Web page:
Sen. Richard Blumenthal, D. Conn., Monday, Jan. 13, called on the makers of GPS apps for smartphones to add what he called “commonsense info on highway height, weight, and other restrictions” to their navigation apps so truckers do not enter Merritt and Wilbur Cross Parkways. Trucks are not allowed on the parkways — and those in neighboring New York, Massachusetts,  and New Jersey — but some drivers follow the directions on the apps, which don’t necessarily show truck restrictions.

In a news conference and separately in a letter sent Monday with Sen. Chuck Schumer, D-N.Y., and Ed Markey, D-Mass., Blumenthal called on tech giants Google, Apple and Waze to include information that would keep trucks off restricted parkways and reduce collisions with low-bridges.

“As more commercial vehicle drivers use these applications, we can expect accidents and damage to roadways to increase unless a solution is found,” said the letter from the senators. Blumenthal said truckers and others often rely on the apps to route them around traffic congestion on other routes and ignore or do not see signs warning against truck traffic on the parkways.

Vehicles taller than 8 feet, longer than 24 feet or wider than 7 1/2 feet or weigh more than 7,500 lbs. are not allowed on the parkways in Connecticut, for example.

Joseph Sculley is the president of the Motor Truck Association of Connecticut and said he was heartened to see Blumenthal “put a commonsense idea on the table” to address the issue that can be a public relations problem for the trucking industry. Sculley said that while members of the MTAC know to avoid the parkways, the problem is usually caused by out-of-state truckers who may not be using truck-specific GPS units.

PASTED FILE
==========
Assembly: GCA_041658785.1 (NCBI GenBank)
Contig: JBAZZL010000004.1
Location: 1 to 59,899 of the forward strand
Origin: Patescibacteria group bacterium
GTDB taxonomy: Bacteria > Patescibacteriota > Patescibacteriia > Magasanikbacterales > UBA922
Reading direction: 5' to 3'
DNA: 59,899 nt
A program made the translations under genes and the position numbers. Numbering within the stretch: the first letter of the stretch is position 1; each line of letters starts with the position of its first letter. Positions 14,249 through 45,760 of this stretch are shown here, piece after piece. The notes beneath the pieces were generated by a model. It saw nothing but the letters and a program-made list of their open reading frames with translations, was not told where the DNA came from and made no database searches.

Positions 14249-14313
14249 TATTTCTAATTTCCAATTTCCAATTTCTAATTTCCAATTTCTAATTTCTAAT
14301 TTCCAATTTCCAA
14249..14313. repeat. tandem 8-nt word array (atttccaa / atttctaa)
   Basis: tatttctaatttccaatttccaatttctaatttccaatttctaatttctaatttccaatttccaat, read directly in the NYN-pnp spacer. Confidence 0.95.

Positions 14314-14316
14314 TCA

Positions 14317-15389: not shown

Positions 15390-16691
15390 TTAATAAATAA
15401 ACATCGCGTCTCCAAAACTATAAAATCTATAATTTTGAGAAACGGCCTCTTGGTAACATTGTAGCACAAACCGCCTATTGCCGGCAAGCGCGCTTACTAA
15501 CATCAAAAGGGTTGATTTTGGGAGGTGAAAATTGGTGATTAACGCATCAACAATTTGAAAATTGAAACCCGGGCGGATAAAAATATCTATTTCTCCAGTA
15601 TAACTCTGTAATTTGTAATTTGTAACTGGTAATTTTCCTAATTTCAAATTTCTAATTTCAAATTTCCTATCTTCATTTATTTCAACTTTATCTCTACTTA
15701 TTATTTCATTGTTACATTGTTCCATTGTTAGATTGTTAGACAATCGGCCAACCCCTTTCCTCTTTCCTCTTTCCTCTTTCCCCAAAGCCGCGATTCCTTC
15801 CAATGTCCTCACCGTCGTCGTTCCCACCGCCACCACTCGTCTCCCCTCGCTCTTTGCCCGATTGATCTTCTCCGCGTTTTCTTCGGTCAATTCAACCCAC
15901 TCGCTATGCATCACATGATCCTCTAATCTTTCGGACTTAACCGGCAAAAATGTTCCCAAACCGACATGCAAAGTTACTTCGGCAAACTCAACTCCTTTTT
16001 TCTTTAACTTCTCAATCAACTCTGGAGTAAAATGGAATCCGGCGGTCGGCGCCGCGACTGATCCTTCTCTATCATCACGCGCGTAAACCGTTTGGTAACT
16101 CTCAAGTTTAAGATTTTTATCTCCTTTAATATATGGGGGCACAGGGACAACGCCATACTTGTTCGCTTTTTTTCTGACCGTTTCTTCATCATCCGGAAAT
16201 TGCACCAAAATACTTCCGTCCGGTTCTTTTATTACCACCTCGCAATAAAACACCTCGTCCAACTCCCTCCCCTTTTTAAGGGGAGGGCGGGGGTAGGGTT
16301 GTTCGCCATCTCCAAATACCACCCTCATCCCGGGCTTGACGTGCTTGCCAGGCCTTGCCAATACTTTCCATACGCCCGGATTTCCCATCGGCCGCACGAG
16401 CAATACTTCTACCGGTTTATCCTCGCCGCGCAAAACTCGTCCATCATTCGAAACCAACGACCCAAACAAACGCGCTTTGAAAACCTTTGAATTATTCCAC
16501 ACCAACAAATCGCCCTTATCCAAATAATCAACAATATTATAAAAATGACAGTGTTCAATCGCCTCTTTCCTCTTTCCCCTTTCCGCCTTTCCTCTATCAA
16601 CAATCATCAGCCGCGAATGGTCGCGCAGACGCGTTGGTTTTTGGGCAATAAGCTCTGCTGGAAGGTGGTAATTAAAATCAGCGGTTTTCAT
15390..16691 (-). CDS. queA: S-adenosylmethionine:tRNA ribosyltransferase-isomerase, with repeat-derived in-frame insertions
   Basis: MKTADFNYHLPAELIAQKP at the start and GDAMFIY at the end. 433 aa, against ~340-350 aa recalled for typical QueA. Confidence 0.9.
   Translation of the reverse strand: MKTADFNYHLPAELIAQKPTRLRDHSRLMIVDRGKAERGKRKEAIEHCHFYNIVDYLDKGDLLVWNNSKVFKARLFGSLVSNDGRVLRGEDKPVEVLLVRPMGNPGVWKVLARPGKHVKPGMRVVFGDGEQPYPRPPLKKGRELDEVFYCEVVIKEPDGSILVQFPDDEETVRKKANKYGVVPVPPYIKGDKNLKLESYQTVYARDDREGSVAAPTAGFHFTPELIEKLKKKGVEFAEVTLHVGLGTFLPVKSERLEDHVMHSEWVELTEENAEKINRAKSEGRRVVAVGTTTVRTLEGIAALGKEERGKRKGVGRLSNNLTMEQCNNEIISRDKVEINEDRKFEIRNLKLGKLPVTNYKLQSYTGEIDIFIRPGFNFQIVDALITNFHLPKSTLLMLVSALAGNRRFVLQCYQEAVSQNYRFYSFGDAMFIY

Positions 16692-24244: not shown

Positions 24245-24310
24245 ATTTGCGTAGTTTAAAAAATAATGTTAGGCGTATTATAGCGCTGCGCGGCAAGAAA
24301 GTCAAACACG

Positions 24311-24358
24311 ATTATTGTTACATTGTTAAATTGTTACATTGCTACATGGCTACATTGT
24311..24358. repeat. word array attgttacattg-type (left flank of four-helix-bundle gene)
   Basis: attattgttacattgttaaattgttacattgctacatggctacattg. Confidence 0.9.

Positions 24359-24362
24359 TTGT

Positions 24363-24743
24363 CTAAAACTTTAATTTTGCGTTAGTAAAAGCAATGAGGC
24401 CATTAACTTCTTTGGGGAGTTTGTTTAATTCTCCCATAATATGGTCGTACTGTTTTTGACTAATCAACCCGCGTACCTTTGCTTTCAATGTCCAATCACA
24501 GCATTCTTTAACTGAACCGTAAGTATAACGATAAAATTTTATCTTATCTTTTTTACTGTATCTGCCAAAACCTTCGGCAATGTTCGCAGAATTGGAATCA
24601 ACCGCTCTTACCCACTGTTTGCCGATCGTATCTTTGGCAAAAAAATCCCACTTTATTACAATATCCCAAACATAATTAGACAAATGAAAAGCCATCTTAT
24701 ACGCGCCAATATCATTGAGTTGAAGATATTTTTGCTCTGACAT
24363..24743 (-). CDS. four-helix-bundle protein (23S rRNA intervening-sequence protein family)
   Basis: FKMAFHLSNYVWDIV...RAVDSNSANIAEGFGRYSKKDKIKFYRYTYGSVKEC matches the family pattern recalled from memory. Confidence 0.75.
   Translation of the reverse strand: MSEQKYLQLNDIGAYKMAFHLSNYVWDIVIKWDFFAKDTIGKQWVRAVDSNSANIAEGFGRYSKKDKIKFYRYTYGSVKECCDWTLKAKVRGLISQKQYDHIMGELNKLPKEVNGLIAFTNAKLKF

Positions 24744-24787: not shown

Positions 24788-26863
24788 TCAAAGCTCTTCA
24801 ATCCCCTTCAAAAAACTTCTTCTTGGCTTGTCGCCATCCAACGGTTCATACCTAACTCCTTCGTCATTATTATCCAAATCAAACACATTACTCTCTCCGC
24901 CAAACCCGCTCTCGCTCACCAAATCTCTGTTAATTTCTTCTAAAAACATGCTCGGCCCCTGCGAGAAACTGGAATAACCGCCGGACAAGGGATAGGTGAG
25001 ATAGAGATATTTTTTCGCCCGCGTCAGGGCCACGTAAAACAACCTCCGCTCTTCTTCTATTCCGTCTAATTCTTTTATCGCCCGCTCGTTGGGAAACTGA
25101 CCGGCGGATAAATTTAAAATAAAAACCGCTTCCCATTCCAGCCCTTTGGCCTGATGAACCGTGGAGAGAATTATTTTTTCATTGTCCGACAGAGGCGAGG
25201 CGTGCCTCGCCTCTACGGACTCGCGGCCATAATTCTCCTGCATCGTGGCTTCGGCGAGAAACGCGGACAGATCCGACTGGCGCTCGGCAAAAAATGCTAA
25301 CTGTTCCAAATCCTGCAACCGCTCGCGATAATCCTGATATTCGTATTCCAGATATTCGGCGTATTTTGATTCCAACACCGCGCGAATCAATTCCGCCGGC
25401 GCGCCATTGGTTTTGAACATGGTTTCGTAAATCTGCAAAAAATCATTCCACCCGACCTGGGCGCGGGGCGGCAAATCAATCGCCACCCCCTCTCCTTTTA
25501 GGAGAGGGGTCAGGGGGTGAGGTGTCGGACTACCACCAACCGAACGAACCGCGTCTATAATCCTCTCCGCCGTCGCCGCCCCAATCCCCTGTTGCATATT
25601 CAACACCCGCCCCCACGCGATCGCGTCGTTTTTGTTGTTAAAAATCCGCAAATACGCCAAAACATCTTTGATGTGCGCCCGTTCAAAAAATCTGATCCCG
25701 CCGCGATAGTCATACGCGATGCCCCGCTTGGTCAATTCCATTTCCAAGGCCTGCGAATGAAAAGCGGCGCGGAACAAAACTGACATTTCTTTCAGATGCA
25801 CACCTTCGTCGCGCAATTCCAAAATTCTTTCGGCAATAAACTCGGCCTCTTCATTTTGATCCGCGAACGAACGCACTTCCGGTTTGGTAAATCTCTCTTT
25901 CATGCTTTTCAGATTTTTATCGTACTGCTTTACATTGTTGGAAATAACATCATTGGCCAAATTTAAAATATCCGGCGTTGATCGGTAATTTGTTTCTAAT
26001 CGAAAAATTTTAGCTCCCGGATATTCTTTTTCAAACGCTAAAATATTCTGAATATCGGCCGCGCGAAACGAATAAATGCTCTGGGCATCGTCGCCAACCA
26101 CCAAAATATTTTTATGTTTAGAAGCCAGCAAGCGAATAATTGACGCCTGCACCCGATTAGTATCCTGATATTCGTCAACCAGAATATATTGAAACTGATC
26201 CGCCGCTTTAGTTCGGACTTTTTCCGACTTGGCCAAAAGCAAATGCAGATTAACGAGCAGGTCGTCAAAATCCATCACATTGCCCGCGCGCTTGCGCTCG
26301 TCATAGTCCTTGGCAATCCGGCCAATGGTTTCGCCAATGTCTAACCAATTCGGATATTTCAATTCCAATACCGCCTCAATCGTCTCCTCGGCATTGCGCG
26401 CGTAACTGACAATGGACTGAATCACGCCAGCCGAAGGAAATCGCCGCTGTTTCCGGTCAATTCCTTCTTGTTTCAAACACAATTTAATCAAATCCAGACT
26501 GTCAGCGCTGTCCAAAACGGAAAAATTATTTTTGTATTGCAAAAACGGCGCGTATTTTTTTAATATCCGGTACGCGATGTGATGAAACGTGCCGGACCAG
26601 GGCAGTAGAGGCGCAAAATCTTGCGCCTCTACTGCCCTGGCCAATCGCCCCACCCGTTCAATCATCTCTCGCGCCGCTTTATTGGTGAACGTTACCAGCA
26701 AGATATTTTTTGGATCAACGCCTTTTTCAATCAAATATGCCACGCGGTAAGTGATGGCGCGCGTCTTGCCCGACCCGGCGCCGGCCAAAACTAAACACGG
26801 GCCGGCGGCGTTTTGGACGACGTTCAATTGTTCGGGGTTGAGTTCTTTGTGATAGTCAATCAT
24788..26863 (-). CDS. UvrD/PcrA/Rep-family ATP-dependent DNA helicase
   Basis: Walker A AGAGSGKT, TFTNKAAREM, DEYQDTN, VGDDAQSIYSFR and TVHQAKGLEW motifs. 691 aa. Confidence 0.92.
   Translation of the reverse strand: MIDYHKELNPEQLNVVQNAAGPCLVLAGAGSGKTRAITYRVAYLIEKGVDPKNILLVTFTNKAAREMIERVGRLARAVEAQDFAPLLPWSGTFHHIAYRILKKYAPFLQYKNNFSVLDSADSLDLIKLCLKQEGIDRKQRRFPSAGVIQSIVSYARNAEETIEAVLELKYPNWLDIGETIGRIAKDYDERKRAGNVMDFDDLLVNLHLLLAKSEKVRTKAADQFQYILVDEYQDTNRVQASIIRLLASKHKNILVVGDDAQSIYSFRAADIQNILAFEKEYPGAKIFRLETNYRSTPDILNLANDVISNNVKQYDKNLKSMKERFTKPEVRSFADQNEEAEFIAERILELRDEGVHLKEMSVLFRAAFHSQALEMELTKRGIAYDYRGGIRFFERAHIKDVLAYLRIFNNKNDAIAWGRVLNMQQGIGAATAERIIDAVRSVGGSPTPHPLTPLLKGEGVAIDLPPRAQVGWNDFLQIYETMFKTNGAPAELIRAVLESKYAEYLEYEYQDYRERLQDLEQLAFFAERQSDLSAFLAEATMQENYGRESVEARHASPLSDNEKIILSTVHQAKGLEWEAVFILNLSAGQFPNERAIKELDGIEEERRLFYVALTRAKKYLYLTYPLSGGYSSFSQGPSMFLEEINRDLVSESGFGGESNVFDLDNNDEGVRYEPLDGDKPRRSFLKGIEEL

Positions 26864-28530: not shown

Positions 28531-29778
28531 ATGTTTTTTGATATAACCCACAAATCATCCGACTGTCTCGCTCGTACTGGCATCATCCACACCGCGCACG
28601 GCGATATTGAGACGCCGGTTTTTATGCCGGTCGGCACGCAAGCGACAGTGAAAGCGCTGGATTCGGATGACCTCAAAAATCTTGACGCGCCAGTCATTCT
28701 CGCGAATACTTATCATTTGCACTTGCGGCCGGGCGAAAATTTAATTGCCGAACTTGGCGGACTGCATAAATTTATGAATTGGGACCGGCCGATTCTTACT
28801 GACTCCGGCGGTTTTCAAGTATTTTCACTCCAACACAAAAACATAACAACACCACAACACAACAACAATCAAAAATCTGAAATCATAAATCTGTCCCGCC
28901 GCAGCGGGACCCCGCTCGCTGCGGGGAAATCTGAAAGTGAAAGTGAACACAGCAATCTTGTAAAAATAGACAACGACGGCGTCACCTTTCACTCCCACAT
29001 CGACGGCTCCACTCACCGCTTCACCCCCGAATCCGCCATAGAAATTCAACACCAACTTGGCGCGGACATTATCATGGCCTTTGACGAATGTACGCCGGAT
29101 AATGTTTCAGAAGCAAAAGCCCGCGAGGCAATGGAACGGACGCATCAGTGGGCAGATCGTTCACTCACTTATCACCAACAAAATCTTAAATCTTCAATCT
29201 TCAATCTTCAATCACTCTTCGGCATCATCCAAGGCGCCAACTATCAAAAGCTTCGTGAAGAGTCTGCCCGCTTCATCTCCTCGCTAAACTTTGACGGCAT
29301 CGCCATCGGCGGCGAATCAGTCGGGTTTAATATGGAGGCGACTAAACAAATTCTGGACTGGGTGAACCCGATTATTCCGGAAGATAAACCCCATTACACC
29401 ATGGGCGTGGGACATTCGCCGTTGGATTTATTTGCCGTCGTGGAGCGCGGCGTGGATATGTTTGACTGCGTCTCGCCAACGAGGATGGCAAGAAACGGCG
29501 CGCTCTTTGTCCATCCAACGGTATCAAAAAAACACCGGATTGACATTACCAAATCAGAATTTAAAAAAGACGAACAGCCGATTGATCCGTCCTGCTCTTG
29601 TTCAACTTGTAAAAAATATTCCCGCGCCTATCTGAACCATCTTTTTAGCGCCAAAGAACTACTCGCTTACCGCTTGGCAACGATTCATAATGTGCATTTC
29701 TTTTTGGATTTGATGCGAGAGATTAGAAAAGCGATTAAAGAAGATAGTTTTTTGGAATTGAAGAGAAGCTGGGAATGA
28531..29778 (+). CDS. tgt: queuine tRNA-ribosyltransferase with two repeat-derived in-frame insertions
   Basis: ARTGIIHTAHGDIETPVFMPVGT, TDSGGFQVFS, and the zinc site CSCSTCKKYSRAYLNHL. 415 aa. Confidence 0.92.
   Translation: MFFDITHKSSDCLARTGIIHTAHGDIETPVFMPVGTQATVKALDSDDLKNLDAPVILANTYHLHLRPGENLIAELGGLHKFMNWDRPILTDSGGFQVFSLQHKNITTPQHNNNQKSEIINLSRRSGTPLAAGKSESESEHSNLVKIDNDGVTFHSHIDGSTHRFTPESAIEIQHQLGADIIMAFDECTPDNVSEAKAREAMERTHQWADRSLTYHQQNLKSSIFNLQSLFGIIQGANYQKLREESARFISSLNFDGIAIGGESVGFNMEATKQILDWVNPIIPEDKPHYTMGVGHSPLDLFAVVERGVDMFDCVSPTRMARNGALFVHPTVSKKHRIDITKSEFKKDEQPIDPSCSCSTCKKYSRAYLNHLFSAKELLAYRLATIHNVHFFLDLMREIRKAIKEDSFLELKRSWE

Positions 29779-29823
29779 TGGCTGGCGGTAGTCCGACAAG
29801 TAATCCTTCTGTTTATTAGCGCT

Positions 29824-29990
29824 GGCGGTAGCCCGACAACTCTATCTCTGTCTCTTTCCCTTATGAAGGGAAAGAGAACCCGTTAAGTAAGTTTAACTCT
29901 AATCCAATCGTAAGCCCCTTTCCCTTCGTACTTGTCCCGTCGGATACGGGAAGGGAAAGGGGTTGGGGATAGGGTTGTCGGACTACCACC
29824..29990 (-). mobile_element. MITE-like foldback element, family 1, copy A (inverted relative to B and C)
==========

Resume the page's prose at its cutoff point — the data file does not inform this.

“Every time a truck gets stuck (under a low bridge on a parkway) it makes headlines, and the PR is not good for trucking,” said Sculley. He said adding the information ought to be easy for the tech companies to do, and his 550-member organization expects to work with others to make it happen.

Earlier this month Schumer also called on GPS makers to include at-grade railroad crossing information to their programs. In a letter to 10 technology companies, including Google, the senior senator from New York reminded them the National Transportation Safety Board in 2016 recommended such information be included following an accident in California that took the life of an engineer and injured 32 others. Schumer said there are 5,358 at-grade railroad crossings in New York alone.

A number of people made comments on the Blumentah’s Facebook page following Monday’s press conference.

Wendy Bly: “Unfortunately, it is the drivers at fault, not the application. I drive an RV, and know that the regular GPS systems for cars do not take into account for height clearance. Professional truck drivers should also know that there are special applications for trucks that do list heights… it’s a matter of ignorance or being cheap (trucker app is more expensive). Also, any time there is a clearance issue, signage on the road is clearly posted with enough notice… It is sad that our government has to do our thinking for us…”

Alfred Craig Jenkins: “Pardon me! But as a CDL license holder. We’re taught that (parkways) aren’t for any type of bus or trucks … period. Any truck driver that’s using that excuse shouldn’t be driving.”